[beta]1-adrenoceptor Arg389Gly polymorphism and heart disease: marching toward clinical practice integration

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Date: July 2015
From: Pharmacogenomics(Vol. 16, Issue 10)
Publisher: Future Medicine Ltd.
Document Type: Report
Length: 2,776 words
Lexile Measure: 2280L

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Author(s): Katie A McCrink aff1 , Anastasios Lymperopoulos [*] aff1

Keywords:

[beta]1 -adrenergic receptor; [beta]-blocker; cardiovascular disease; dobutamine; drug response; GWAS; heart failure; hypertension; polymorphism

The [beta]1 -adrenergic receptor (AR) is a G protein-coupled receptor (GPCR) abundantly expressed in the plasma membranes of human cardiac myocytes. It is the primarily responsible AR for mediating the catecholamine-induced positive inotropy and chronotropy in the heart [1 ]. The human [beta]1 AR gene (Adrb1 ) encodes a 477-amino acid functional protein through a nucleotide sequence that has at least nine nonsynonymous variations reported to date. Out of these, the Gly/Arg polymoprhism at amino acid position 389 (cytosine or guanine at nucleotide 1165 of its coding region) is by far the best-characterized variation to date affecting function and signaling of the encoded receptor [2,3 ]. This amino acid position is located in the intracellular C-terminus of the [beta]1 AR, a region that purportedly participates in the receptor's interactions with the Gs protein, and also gets phosphorylated by GPCR-kinases (GRKs), which induces the subsequent binding of [beta]-arrestins that terminates G-protein signaling (receptor desensitization) [1 ]. Consequently, this C-terminal region is crucial for both activation and termination of the [beta]1 AR-dependent pro-contractile signaling in the heart [1 ]. Indeed, the Arg variant, substantially less prevalent in African Americans than in Caucasians (58 vs 73%, respectively), is presumed to favor/stabilize the active state of the human [beta]1 AR [2 ], rendering the Arg389 [beta]1 AR hyperfunctional compared with the Gly389 receptor. In vitro studies in heterologous cell systems (cell lines with the two variants exogenously overexpressed) have confirmed the higher activity of the Arg389 receptor in terms of second messenger cAMP (cyclic adenosine monophosphate) accumulation, Gs protein coupling efficiency and high affinity ligand binding in the absence of guanine triphosphate (GTP) [2,3 ]. Accordingly, it has also been found to display enhanced homologous (agonist-induced) desensitization versus the Gly variant [4 ]. In physiologically relevant cell systems, in other words, murine cardiomyocytes isolated from cardiac-specific overexpressors of the two variants, increased contractility and receptor desensitization (in old age) were displayed by the Arg variant-overexpressing mice [5 ], and the beating frequency of cardiomyocytes isolated from these mice was also higher than that of Gly [beta]1 AR-overexpressing myocytes [6 ]. However, studies on the native variant receptors in explanted human heart tissue failed to confirm differences in activity/signaling between the two variants, possibly because the human heart tissue studied was not normal (explanted from heart failure patients) [4 ]. Thus, the overall cardiac status may very well affect or mask the functional status of the polymorphic [beta]1 AR [7 ]. Of course, inter-species differences (murine vs human) in cardiomyocyte physiology and cardiac [beta]1 AR biochemistry might be another reason for these discrepancies. Finally, the agonist-activated Arg389 variant was recently shown to undergo GRK-dependent hyperphosphorylation leading to enhanced [beta]-arrestin2 binding (relative to the Gly [beta]1 AR) in heterologous HEK293 cells in vitro , consistent with the elevated homologous desensitization of the...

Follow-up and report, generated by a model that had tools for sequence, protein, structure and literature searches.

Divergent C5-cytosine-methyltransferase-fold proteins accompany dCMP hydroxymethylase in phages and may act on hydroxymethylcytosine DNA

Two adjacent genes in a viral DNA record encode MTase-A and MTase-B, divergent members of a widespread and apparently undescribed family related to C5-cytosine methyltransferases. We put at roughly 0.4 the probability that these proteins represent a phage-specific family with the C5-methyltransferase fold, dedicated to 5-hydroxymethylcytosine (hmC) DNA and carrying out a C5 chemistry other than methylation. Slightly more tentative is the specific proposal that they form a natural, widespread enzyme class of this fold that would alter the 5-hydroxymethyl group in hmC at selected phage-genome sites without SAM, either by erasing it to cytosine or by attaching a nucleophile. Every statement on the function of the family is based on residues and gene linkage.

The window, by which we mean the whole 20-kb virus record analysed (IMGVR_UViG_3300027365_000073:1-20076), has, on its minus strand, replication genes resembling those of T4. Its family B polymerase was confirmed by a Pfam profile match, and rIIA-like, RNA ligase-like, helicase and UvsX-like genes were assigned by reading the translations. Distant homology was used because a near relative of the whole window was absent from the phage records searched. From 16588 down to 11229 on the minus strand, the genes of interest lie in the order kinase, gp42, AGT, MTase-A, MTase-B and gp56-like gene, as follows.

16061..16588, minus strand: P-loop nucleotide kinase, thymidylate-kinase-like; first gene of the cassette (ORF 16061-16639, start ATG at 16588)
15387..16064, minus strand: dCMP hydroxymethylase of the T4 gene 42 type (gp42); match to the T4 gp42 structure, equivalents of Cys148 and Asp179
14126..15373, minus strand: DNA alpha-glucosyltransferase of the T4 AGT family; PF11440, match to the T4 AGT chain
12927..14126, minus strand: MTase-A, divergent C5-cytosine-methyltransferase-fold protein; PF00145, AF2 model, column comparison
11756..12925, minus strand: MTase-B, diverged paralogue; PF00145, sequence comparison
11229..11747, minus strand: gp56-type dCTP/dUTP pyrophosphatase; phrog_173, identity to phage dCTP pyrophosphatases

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Gale Document Number: GALE|A428534835